Considering purchasing a used bike? It can be an adventure. And just like a long motorcycle journey, your knowledge, research, and planning influence results.
Saving money is just one of the reasons many riders decide to buy on the used motorcycle market. Some riders also seek a dream motorcycle that’s no longer manufactured. Ultimately, whether you get a great used motorcycle at a sweet price or buy a money pit of a bike will depend on being a knowledgeable consumer. Follow these tips and you’ll be prepared to make a smart buying decision.
Research first: Know what you’re buying
Forewarned is forearmed—it’s an old cliché, but it really fits the process of shopping for a used motorcycle. First, determine the type of used motorcycle you want to buy—and, if you have a particular year, make, and model in mind, even better. Next, cast a wide search net to see what’s currently available on the market. Once you’ve narrowed your search to one or two brands or models, develop a used motorcycle checklist to guide your research. Make sure to keep track of the year, make, model, price, mileage, proximity, and personal priority details such as color, accessories, and other preferences.
For each used motorcycle on your checklist, do a deep dive to discover what it’s like to own one. Thanks to the internet, you can find and download owner’s and service manuals for many late-model motorcycles. Look for an online owners’ forum where you can learn from the experiences of current cycle owners, including common service issues, popular upgrades/modifications, and rider satisfaction or complaints.
Research new model reviews that include information and photos of the motorcycle as new, including what an unmodified example looks like. Since these reviews frequently make comparisons to similar competitor models, they can help you determine used motorcycle values.
Private sellers versus dealers
You can expect to pay more for a used motorcycle from a dealership than you might when buying from a private seller. On the plus side, dealers will likely:
Sell only their best traded-in motorcycles
Inspect and perform any needed maintenance or service
Offer a limited warranty or return policy
Buying a used bike from a dealer is probably your low effort, low risk, and savings value path. Motorcycle dealers are in the business for the long run and have a reputation and repeat business to look after.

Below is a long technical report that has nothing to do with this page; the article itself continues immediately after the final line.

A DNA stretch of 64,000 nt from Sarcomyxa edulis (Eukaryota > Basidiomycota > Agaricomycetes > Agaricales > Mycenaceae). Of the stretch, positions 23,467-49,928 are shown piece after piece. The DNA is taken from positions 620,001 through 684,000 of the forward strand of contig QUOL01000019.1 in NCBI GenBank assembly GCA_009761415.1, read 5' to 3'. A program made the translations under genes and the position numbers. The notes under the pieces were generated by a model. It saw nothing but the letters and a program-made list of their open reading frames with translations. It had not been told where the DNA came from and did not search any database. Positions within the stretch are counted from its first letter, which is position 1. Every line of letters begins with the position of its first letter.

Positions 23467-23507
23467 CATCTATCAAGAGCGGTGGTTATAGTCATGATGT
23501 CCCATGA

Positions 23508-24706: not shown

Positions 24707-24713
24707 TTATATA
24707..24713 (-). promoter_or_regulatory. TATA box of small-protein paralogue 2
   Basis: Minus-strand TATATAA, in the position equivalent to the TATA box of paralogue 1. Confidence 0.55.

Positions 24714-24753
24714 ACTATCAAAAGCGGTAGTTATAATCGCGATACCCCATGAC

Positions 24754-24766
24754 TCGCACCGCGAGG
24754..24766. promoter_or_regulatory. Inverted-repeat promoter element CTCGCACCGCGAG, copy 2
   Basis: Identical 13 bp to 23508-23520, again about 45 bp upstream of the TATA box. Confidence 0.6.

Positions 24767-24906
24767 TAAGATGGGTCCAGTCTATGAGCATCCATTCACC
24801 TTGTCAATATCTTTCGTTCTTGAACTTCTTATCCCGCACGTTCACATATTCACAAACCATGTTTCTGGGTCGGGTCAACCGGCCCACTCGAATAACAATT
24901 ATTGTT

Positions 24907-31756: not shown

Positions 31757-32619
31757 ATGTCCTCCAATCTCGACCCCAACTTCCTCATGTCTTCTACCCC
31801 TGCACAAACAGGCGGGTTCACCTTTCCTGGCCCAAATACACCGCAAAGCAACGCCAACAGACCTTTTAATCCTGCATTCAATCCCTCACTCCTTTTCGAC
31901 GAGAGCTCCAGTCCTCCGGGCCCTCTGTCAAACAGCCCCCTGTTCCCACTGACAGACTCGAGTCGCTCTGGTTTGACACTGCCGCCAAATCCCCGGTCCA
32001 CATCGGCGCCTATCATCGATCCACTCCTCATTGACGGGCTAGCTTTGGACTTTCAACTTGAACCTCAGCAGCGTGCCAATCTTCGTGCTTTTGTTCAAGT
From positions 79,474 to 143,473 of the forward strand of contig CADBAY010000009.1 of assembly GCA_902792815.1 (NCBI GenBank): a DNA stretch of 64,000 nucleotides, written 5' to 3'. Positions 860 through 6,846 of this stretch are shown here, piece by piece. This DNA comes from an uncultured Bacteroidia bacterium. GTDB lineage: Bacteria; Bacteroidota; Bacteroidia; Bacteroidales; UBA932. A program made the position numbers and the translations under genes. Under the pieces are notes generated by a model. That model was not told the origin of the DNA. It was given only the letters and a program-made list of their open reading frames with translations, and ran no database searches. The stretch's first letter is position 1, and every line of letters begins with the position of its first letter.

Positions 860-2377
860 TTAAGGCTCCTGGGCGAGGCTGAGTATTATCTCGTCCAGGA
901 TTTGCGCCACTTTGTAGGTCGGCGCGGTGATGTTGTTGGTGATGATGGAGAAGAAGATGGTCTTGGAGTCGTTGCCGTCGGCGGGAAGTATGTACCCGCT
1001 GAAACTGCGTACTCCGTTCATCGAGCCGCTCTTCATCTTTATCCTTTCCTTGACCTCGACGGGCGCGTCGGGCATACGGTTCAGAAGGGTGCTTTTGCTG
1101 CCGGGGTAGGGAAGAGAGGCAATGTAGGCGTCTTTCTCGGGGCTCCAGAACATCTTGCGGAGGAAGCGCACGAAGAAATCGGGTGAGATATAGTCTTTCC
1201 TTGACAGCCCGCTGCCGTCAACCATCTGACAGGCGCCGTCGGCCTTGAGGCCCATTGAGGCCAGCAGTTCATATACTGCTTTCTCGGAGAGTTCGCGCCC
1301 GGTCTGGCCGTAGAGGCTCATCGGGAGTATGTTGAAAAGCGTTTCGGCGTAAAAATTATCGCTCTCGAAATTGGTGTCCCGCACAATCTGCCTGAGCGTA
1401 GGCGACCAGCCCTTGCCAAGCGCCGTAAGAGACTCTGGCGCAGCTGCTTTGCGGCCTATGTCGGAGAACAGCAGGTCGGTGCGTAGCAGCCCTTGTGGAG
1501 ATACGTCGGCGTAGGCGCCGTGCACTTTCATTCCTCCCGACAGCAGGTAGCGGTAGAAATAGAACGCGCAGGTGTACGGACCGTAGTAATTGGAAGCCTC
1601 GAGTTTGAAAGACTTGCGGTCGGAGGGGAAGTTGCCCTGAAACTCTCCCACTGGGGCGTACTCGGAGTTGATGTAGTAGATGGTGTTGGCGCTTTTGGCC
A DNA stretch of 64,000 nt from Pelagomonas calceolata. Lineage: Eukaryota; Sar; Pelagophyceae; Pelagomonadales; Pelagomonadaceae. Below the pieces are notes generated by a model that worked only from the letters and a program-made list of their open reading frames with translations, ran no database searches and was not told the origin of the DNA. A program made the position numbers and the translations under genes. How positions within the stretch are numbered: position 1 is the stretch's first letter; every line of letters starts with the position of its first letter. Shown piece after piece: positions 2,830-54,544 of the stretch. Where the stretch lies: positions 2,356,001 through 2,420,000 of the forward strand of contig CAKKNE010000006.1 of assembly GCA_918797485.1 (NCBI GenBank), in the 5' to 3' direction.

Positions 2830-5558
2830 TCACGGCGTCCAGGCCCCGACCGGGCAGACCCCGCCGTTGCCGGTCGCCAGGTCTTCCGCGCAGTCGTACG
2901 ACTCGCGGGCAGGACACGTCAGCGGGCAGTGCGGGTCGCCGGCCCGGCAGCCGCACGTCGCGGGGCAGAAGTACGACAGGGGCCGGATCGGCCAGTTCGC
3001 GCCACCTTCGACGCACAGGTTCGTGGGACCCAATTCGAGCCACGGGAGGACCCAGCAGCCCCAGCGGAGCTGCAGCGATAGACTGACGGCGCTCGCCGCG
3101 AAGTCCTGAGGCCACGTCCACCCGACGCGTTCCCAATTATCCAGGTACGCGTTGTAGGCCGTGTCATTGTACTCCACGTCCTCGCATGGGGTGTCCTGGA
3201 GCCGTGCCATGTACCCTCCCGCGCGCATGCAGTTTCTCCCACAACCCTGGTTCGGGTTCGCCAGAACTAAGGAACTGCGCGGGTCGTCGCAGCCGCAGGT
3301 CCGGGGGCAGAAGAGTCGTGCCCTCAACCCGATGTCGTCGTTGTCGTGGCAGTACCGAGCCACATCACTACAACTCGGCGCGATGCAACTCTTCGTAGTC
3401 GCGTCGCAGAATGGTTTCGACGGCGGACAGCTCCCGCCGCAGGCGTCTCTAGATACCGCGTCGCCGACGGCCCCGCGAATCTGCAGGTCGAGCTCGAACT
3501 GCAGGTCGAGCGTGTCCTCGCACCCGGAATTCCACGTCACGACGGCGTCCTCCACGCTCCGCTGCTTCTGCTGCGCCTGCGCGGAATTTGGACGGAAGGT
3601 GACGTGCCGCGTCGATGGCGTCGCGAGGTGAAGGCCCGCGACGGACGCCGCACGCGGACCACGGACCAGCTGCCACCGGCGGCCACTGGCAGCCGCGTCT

Private sellers may be riders who prefer to recoup more from their used motorcycle than what they’re offered on a dealer trade-in. They can also be folks who are getting out of motorcycle riding or just selling an unwanted motorcycle. Buying from a private seller can put a fine motorcycle in your garage at a great price if you do your due diligence as an educated buyer. The key is to use the knowledge from your research and take a professional approach to inspecting the used motorcycle.
Price and value
With the exception of rare or collectible antique motorcycles, the price of a used motorcycle should represent a good value versus buying a new one. Prices and value are dependent on condition, mileage, and how the motorcycle was used and maintained. It’s common for riders to customize and personalize their motorcycles, but not all customizations add value. In fact, some could be done to “repair” damage from drops or accidents. This is where knowing what the used motorcycle originally looked like and how it was configured pays off. You often can find out about the most common updates to specific models in online forums.
Title, registration, and state inspection
A motorcycle is a valuable piece of real personal property that has a unique vehicle identification number (VIN). An on-road motorcycle needs to be registered, inspected, and have plates and insurance just like a car or truck. If something is amiss with the VIN, title, or registration, buying it may be a headache and could be a total loss. You certainly don’t want to buy a stolen vehicle.
We’ll discuss inspecting the motorcycle itself in a moment, but the first thing to inspect is the VIN on the motorcycle frame and engine so you can compare them to the documents. Numbers must match everywhere along with the year, make, and model on the title and registration. The title must be clear. If there is a lienholder, they should’ve signed off on their portion, and you should be given the contact information to verify this. Beware of salvage, rebuilt/reconstructed, flood damage, and other-than-clear titles that affect resale value. If a used motorcycle sounds good enough at a fair price, ask for the VIN number before you go look at it. Your request should not be a problem if the owner isn’t concealing an issue.
Vehicle history report
You can learn a lot about the used motorcycle you’re interested in by acquiring a vehicle history report. Most websites that offer reports based on VIN are focused on cars and trucks, but some provide reports on motorcycles as well. CycleVin offers some free reports and a VIN history for $25. You can also try VINData Vehicle History. Both can help you learn about the title, liens, safety recalls, DMV history, and more. Once you know the used motorcycle is as represented, it’s time to look it over carefully.